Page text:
Newswise — Almost a year after fighting a severe case of COVID-19, Tamika Washington lives with lingering effects that leave her gasping for breath, chronically fatigued and anxious about her future.
“I’ve seen some small improvement recently, but I do wonder what my quality of life will be like in 10 or 20 years if I am this young and already have all these problems,” said the 42-year-old Hummelstown resident, who was hospitalized for two weeks at Penn State Health Milton S. Hershey Medical Center last May with high fever and respiratory failure due to the virus.
At one point, Washington called her father and gave him all her financial information because she didn’t think she would live. A registered nurse and mother of five children, Washington says her case turned around after she was given convalescent plasma.
Although initial neuropathy in her feet is better, she still struggles with severe fatigue, shortness of breath and increased anxiety and depression.
“I feel like I have bronchitis every day,” said Washington, whose underlying asthma never interfered with daily life before she got COVID-19. “I went from working 16-hour days as a nurse in a nursing home to having to pace myself to do much of anything.”
For a small group of people, often referred to as “long haulers,” fatigue, shortness of breath, dizziness, gastrointestinal symptoms, anxiety and depression can persist for months and can range from mild to incapacitating.
“Informally, we call this condition ‘long COVID,’ or more formally post-acute sequelae of SARS-CoV-2 infection,” said Dr. Emily Link, physician at Penn State Health Cocoa Outpatient Center. “It’s characterized by symptoms that develop during or after COVID-19, that last 12 or more weeks and that don’t have another cause such as injury or permanent damage to organs.”
Dr. Michael Farbaniec, cardiologist at the Milton S. Hershey Medical Center, said he sees a worsening of underlying conditions in patients who were managing them well prior to having COVID-19. “COVID causes a very intensive inflammatory process,” he said. “For example, if you had known heart disease, the stress of having COVID can lead to ruptured plaque, which can lead to a heart attack.”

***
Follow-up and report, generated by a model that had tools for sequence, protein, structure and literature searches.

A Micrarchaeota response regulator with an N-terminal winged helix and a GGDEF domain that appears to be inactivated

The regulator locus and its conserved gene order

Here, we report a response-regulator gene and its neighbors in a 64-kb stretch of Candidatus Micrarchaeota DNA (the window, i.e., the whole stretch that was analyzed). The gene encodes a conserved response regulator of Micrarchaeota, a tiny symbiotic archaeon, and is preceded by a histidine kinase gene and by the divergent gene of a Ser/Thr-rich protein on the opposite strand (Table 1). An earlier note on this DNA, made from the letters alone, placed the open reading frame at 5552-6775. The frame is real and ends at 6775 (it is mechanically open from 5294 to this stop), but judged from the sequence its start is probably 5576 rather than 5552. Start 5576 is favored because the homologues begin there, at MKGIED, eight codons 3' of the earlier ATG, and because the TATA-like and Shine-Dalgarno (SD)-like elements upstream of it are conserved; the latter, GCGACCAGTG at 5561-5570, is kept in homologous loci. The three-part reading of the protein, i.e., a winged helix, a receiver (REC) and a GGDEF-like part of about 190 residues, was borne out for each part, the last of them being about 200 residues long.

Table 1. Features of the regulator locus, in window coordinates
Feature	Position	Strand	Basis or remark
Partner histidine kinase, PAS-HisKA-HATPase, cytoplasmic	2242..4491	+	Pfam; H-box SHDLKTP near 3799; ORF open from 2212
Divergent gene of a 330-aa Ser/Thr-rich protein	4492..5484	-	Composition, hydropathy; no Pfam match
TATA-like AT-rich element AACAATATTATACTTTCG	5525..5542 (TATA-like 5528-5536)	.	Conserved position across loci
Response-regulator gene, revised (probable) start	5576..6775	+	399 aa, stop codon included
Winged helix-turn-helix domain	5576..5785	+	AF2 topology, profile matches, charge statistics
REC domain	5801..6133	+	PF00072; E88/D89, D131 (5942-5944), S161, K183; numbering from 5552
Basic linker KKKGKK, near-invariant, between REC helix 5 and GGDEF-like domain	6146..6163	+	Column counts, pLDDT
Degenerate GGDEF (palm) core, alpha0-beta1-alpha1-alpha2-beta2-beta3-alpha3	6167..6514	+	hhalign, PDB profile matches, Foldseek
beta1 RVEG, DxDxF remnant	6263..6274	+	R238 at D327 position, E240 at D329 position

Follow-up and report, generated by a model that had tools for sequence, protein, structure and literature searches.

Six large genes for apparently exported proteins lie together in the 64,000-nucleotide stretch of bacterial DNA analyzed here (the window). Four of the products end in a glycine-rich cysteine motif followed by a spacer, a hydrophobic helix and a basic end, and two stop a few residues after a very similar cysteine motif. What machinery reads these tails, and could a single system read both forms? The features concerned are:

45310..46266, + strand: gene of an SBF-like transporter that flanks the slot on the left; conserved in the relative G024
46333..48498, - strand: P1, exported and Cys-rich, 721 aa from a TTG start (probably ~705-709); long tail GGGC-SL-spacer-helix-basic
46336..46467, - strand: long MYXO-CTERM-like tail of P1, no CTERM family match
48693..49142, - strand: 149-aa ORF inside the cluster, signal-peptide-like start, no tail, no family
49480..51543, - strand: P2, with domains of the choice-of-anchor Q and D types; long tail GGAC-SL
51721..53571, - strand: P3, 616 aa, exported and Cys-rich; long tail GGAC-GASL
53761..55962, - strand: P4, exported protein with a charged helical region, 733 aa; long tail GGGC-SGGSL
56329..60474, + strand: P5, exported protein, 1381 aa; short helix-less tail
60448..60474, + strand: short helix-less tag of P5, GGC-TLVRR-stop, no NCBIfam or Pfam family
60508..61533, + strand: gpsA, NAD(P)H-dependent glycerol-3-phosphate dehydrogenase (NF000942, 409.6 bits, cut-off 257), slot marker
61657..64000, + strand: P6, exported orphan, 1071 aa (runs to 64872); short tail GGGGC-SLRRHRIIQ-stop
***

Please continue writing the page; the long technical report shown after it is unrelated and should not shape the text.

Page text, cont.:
The National Institutes of Health and the Centers for Disease Control and Prevention are funding studies to gain more insight into the phenomenon about which so little is known right now.
“Mainly what we are seeing is persistent labored breathing, weakness and hypoxemia, which is a below-normal level of oxygen in the blood that can cause shortness of breath, headache or confusion,” said Dr. Daniel Guck, a fellow in pulmonary and critical care at Hershey Medical Center.
How common is long COVID?
Some studies suggest symptoms persist in up to 50 percent of cases, but another recent study suggests only 2.5% of people have symptoms that persist beyond 12 weeks. “However, since more than 30 million people have had COVID-19, that’s still nearly three-quarters of a million people potentially dealing with this,” Link said.
Who is most susceptible to becoming a long hauler?
Doctors say those who had more severe cases of the virus, older people, women and people with underlying asthma are more likely to develop long COVID. “The sicker you are, for example, the more prone you’ll be to inflammation of the heart muscle,” Farbaniec said.
When should I call my doctor about ongoing symptoms?
That depends on the frequency and intensity of your symptoms, Farbaniec said. “A sharp pain with breathing could be because of inflammation of the coating of the lungs or the heart – remnants of the stress of your body’s inflammatory response to COVID,” he said. “On the other hand, tightness or pressure in the chest that gets better when resting could suggest a heart issue like decreased blood flow to the heart muscle.”
Given that COVID can affect many different body systems, it’s best to address symptoms in a multidisciplinary fashion, Guck said. “For example, persistent labored breathing could indicate the need to see a pulmonologist for acute inflammation of the lungs, or persistent weakness could indicate COVID-related inflammatory muscle weakness that a rheumatologist could manage,” he said.
What types of things can I do to ease symptoms?
Treatment is very individualized, but inhalers, fatigue management techniques, reconditioning exercises and adequate rest may help, Link said. Washington finds relief with inhalers for breathing better, pacing herself for stamina and anti-depressants for managing her mental health.
“For many people, it will be a prolonged recovery,” Link said. “But the good news is that the vast majority of people do improve and get back to their pre-COVID selves.”
The Medical Minute is a weekly health news feature produced by Penn State Health. Articles feature the expertise of faculty, physicians and staff, and are designed to offer timely, relevant health information of interest to a broad audience.